Tuesday, January 24, 2012

Strongest solar storm since 2005 hitting Earth

The sun is bombarding Earth with radiation from the biggest solar storm in more than six years with more to come from the fast-moving eruption. The solar flare occurred at about 11 pm EST and will hit Earth with three different effects at three different times.

Doug Biesecker, a solar physicist at the National Oceanic and Atmospheric Administration's Space Weather Prediction Center, says the storm may reach a level that could render natural light displays visible as far south as Idaho and New York, and even Illinois and Oregon, in the United States.

The biggest issue is radiation. The radiation is mostly a concern for satellite disruptions and astronauts in space. It can cause communication problems for polar-traveling airplanes, said space weather center physicist Doug Biesecker.

Radiation from the flare arrived at Earth an hour later and will likely continue through Jan 25. Levels are considered strong but other storms have been more severe. Still, this storm is the strongest for radiation since May 2005. The radiation in the form of protons came flying out of the sun at 93 million miles per hour. "The whole volume of space between here and Jupiter is just filled with protons and you just don't get rid of them like that," Biesecker said. That's why the effects will stick around for a couple days.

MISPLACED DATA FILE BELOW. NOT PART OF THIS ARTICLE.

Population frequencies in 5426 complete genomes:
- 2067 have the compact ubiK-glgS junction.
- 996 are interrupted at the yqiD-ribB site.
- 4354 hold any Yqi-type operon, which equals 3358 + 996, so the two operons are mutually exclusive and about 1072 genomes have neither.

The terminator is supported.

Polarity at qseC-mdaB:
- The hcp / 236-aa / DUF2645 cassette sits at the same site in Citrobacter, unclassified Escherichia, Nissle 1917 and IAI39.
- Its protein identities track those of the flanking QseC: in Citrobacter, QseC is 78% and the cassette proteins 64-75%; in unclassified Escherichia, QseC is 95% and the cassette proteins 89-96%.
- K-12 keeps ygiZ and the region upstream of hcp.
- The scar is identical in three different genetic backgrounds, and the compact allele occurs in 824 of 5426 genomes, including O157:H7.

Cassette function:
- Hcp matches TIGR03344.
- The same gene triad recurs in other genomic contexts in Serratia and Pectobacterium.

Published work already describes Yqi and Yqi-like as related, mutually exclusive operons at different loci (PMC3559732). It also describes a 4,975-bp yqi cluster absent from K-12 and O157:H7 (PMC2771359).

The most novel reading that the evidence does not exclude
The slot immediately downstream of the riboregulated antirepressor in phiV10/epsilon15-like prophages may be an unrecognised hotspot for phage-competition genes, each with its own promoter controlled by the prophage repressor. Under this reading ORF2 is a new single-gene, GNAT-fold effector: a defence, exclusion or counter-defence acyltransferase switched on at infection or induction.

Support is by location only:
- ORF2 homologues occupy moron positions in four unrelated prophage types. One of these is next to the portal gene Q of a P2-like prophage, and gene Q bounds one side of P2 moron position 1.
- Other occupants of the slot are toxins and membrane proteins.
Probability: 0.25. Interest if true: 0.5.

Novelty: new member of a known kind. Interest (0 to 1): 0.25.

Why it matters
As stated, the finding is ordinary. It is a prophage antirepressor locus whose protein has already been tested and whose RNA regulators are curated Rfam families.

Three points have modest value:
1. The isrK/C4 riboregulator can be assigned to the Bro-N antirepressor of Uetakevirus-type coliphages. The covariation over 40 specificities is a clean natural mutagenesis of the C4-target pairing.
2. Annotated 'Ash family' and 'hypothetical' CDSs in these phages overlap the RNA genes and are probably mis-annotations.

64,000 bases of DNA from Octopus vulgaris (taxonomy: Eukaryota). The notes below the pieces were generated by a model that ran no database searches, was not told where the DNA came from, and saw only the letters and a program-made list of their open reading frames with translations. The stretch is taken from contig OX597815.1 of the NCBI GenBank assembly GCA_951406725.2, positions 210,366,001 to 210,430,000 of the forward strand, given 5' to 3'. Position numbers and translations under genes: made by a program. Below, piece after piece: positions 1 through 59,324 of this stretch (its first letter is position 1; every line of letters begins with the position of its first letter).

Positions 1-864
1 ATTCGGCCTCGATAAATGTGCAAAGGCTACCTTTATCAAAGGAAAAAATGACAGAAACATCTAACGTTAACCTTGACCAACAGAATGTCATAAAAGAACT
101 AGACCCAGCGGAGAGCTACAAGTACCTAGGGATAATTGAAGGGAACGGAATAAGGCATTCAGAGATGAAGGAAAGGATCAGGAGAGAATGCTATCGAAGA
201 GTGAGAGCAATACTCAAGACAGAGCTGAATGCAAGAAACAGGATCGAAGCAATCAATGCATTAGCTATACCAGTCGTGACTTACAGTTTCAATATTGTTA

A solar eruption is followed by a one-two-three punch according to physicist at NASA's Goddard Space Flight Center in Maryland and Catholic University. First comes electromagnetic radiation, followed by radiation in the form of protons. Then, finally the coronal mass ejection - that's the plasma from the sun itself - hits.

Usually that travels at about two or three million kilometres per hour, but this storm is particularly speedy and is shooting out at six million kilometres per hour. It's the plasma that causes much of the noticeable problems on Earth, such as electrical grid outages. 

In 1989, a solar storm caused a massive blackout in Quebec. It can also pull the northern lights further south. But this coronal mass ejection seems likely to be only moderate, with a chance for becoming strong, Biesecker said. The worst of the storm is likely to go north of Earth.